School started three weeks ago. We spent several days building class culture. Things like building card towers, Flipgrid to introduce ourselves to each other and Human Rock, Paper, Scissors. I learned a lot about the students and they learned about me. Even though there always feels like there's a need to "get things going", I decided we weren't ready for academics. Thankfully I had found Eduprotocols by Marlena Hebern and Jon Corippo.
I have been lucky enough to see Jon present several of the eduprotocols over the last couple of years and had implemented one or two here and there. However, I hadn't really spent time with the why behind them or how I could use them effectively in my class. So this year, I decided to start the year off right.
We began with Frayer a Classmate. Students got to interview each other to learn what they liked and disliked. They found more in common with each other than if they had just walked around the room "Finding Someone Who", a frequent beginning of the year activity that I have used for years that really doesn't help anyone bond as a class. The best part of this activity was I got a bunch of information about my students that I would never have known without the activity. Now that the students have used the eduprotocol, I can use the same format for vocabulary words and content note-taking.
Next we tried the Iron Chef Slides. This is an activity I had done last year that the students really couldn't connect with. That was completely my fault. I hadn't showed them the benefit and ease of doing it. In a nutshell, the students (in groups of 4) split content and report as a team, similar to the Jigsaw method that has been utilized in many classrooms over the years only digital. We started with basic (read FUN) content this year to get the kids invested in the process. Our first Iron Chef was on Disney. What's more fun than that. When the kids told me they didn't know something to use in their particular slide (a common comment for the DisneyWorld slide since we live in Ca and an hour away from Disneyland!), they were amazed to learn they could look up the information on the internet and I didn't have to "teach" them for them to get the answers. As we move into more content areas (prefixes, natural regions of the US), the students are no longer asking how do they get the content and what do we have to do to complete the activity. They are finishing it in record time with great answers that worksheets wouldn't allow me to access.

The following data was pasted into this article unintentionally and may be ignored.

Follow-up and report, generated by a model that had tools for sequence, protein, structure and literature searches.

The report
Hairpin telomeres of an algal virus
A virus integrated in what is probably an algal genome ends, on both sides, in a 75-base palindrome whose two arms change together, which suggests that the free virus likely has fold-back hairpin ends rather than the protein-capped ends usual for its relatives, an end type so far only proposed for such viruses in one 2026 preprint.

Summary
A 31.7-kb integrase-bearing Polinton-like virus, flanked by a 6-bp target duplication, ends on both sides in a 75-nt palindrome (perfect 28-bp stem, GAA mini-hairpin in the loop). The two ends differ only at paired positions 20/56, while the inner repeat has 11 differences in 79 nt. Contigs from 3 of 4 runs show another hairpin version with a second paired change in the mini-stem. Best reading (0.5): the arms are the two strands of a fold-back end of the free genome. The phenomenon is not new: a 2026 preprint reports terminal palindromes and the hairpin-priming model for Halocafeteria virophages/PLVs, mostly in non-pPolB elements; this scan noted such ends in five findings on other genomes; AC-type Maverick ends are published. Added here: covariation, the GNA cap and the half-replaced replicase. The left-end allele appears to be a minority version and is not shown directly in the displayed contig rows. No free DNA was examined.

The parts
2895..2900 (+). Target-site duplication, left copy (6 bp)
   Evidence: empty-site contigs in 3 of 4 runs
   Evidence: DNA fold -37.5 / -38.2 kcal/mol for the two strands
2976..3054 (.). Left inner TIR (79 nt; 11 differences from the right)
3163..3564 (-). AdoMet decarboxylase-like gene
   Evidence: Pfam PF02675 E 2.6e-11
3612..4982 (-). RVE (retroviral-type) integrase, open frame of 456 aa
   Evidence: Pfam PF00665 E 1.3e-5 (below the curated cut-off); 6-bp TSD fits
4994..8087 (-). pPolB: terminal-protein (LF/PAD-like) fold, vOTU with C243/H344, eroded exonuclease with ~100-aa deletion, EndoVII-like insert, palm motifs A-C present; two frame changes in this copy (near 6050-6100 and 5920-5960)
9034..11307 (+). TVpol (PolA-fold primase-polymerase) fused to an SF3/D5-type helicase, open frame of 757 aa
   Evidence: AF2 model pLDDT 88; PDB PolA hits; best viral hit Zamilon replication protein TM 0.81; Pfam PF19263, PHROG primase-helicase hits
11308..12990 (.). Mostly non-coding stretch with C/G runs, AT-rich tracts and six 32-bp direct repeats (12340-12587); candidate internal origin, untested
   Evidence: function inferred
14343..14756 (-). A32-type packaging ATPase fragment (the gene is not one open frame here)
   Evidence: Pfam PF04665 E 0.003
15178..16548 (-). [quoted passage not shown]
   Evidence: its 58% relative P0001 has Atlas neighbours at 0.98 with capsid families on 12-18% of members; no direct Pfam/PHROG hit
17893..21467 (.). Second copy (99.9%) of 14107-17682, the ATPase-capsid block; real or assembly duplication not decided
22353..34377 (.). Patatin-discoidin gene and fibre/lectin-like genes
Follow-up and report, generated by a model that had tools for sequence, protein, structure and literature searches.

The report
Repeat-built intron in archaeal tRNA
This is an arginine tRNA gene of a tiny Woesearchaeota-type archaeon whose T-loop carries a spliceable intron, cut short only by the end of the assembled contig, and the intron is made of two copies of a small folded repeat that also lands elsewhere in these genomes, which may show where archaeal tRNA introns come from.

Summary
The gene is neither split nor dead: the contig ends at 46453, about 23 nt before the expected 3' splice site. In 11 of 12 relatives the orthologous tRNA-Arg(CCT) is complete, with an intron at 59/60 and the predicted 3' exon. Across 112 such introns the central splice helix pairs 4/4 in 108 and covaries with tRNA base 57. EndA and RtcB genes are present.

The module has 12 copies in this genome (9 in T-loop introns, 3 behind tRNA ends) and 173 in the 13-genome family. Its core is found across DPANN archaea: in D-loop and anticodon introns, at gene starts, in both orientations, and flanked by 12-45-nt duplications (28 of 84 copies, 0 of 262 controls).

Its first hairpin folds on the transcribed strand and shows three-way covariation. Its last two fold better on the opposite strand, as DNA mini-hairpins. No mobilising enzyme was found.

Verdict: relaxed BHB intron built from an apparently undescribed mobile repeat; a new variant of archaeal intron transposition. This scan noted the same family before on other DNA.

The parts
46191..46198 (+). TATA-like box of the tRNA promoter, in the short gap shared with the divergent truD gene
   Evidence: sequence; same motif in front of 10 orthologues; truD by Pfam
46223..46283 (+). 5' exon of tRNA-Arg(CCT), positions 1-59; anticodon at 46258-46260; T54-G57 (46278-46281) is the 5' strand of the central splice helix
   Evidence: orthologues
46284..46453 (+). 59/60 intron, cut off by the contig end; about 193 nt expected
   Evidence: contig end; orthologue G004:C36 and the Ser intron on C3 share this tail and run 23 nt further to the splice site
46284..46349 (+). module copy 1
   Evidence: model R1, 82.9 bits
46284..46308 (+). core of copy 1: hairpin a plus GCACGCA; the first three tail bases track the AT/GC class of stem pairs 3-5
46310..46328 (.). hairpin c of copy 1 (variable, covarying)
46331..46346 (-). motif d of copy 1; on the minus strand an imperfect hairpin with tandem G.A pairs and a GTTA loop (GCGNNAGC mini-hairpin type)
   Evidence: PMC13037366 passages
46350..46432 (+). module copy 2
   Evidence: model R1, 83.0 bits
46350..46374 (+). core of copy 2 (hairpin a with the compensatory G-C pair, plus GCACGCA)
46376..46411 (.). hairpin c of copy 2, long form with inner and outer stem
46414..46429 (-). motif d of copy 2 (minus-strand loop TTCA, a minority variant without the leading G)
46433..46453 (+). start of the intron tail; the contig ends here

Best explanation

Our third activity is the Cyber Sandwich. Another Jigsaw type activity also blends Venn diagrams and paragraph writing. Here the students read articles or watch videos that are the same as their partner or similar in content. They take notes then complete a Venn diagram comparing and contrasting their answers. This information is then used to writing at least a paragraph on the content. Students are able to integrate the information in a more engaging manner than if I had just told them to read the articles or watch the videos themselves. Like the Iron Chef, we started with something fun, The History of Chocolate! How more engaging can you get with students.
The last eduprotocol we are using for now is one I used a lot last year called the Fast and Curious. If you haven't tried Quizizz, I highly recommend it. This is a great one for quick vocabulary activities that can take a lot of class time without much retention. Students take a quick quiz (10 words) on Monday. We go over the answers for each of the words and take the quiz again immediately. Students try to beat their score (gamification at it's easiest). Almost every student can get at least 1 more correct after going over the words one time. We take the same quiz every day for 4 days. If students get 100% at any time of the week, they don't have to take the "FINAL TEST" on Friday. Since we go over the questions missed most often by the class every day, students are retaining the vocabulary without taking more than 10 minutes of class time. Since the goal of school is to get kids to learn the vocabulary and not to trick them, they have many opportunities to do this with the same words. When I did this eduprotocol last year, 90% of my students had retained the vocabulary words a month later. How often can teachers say that?!
There are soooo many other great activities to try in the book. We will be adding more as the year goes on as appropriate for the content. If you are looking for an easy way to get the students using the 4Cs and engaging with the content, I highly recommend checking out the book and website.
20+ year teacher, mother of 2 kids and 2 dogs, wife, lover of all things M&M, interested in tech in the classroom, and changing up my teaching